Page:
My day job was going smoothly for the first time in my life. Granted, there were a few supervisor changes that had me feeling a bit uneasy, but it was something I had been through before and knew what to expect. Even though it might have been feeling crazy at the moment, there was something inside of me that was saying it will all get better… that voice might have been my wife, but there was also a voice inside telling me exactly the same thing.
Then there was my family life. It felt like everything was going right in that aspect of my life. Every morning I was able to wake up next to a wonderful wife, and my two kids were growing up to be some incredible young men. Sure, there was the occasional annoyance, but not a day goes by that I can’t look at my kids and think about how proud I am of them.
There wasn’t any reason for me to be parenting with depression in the way that I was feeling at the beginning of the summer.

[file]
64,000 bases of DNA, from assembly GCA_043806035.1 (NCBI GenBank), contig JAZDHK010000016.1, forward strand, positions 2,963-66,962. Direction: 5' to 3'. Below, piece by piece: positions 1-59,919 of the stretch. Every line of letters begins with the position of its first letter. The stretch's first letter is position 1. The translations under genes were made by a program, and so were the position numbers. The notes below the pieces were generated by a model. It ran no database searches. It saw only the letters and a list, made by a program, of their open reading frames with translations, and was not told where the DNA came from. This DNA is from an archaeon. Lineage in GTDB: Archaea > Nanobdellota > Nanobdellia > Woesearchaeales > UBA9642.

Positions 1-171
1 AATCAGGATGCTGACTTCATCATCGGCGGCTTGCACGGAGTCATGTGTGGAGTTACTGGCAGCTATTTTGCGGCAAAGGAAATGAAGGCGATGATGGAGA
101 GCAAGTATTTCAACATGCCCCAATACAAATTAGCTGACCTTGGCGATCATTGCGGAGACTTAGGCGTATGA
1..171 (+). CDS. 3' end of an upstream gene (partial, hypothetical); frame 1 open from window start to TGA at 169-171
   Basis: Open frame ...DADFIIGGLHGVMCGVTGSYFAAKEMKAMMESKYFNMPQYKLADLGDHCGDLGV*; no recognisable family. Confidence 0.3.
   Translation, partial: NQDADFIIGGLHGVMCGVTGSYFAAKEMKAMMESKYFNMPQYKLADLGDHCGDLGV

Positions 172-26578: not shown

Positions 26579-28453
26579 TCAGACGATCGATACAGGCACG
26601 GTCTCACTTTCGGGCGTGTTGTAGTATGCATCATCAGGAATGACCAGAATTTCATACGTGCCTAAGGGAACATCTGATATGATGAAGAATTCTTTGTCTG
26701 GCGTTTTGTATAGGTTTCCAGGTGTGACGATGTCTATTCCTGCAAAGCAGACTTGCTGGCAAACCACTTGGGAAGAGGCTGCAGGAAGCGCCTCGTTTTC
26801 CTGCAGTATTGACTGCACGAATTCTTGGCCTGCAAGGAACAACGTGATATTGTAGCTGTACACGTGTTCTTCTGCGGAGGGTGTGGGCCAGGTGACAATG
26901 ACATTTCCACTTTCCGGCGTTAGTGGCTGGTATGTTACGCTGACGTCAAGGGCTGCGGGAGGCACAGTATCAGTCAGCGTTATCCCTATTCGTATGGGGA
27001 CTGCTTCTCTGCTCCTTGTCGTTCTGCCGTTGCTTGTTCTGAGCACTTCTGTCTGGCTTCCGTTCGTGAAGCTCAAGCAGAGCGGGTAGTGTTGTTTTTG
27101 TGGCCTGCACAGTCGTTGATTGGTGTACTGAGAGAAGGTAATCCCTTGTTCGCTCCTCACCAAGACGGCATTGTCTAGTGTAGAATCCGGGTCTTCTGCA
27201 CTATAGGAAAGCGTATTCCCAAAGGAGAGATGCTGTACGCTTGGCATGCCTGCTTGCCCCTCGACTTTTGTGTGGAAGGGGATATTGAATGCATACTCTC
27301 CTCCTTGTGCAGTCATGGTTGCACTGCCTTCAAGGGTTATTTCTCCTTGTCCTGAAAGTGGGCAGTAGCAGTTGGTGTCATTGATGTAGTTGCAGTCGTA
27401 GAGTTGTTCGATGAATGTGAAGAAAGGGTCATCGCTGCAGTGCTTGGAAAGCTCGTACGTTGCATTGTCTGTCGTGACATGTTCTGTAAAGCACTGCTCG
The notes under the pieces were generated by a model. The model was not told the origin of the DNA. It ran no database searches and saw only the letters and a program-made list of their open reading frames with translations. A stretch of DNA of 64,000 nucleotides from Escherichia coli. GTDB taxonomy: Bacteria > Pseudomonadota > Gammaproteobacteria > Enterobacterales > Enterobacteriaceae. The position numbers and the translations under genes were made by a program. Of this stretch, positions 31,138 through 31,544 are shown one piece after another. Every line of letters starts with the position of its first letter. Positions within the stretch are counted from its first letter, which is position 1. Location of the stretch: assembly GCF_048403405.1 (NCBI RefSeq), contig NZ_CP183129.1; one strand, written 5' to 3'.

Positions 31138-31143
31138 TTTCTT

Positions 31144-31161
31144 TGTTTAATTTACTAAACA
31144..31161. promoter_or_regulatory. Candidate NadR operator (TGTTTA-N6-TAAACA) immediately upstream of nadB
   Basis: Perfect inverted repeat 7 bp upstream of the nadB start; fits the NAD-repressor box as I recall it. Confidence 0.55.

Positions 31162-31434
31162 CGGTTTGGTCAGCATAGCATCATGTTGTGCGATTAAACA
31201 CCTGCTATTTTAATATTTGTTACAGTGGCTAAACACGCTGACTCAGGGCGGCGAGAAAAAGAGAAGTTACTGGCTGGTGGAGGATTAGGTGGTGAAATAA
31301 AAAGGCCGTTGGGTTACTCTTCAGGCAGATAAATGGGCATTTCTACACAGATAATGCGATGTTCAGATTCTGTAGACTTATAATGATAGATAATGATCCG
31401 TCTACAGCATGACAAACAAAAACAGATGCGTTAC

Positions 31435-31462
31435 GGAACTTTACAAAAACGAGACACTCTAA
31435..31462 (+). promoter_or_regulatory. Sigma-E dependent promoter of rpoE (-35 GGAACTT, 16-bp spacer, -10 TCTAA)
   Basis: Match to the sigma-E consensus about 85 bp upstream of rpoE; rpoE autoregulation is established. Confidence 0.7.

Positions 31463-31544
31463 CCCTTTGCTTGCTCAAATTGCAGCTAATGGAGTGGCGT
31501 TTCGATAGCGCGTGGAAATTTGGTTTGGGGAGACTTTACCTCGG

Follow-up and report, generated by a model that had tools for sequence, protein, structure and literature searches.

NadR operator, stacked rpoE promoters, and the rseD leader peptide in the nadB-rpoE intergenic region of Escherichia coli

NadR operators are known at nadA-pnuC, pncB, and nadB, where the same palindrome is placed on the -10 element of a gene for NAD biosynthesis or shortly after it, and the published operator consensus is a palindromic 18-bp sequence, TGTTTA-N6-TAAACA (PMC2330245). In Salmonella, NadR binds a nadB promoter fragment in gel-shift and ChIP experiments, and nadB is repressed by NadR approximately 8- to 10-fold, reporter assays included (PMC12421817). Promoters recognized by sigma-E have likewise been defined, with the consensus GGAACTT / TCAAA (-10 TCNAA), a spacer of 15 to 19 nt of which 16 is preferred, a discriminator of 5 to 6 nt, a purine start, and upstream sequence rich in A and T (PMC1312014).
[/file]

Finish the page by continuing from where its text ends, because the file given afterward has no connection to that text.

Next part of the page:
You don’t have to feel this way.
To those who know me personally, they know that I am not one who typically feels this way. I am a positive person who always has a smile on his face, even if I am faced with difficulty. Sure I have days that are better than others. There are days in which I am frustrated with my job or the kids, or I have no motivation to write or produce content for The Rookie Dad, more often than not, I was happy. I could take a negative and spin it into a positive quicker than you could spit the negative out.
You might be wondering where exactly am I going with all of this. It sounds as if I am bragging about how great my life was, but for those 2 months, it wasn’t. I was suffering a massive headache day in and day out along with waking up frustrated, tired, and feeling hopeless with where the day was going before I would even step out of bed.
I’m sharing my story because I know that I am not the only one who has gone through or will go through a period in their life like this.
There is no shame in getting help.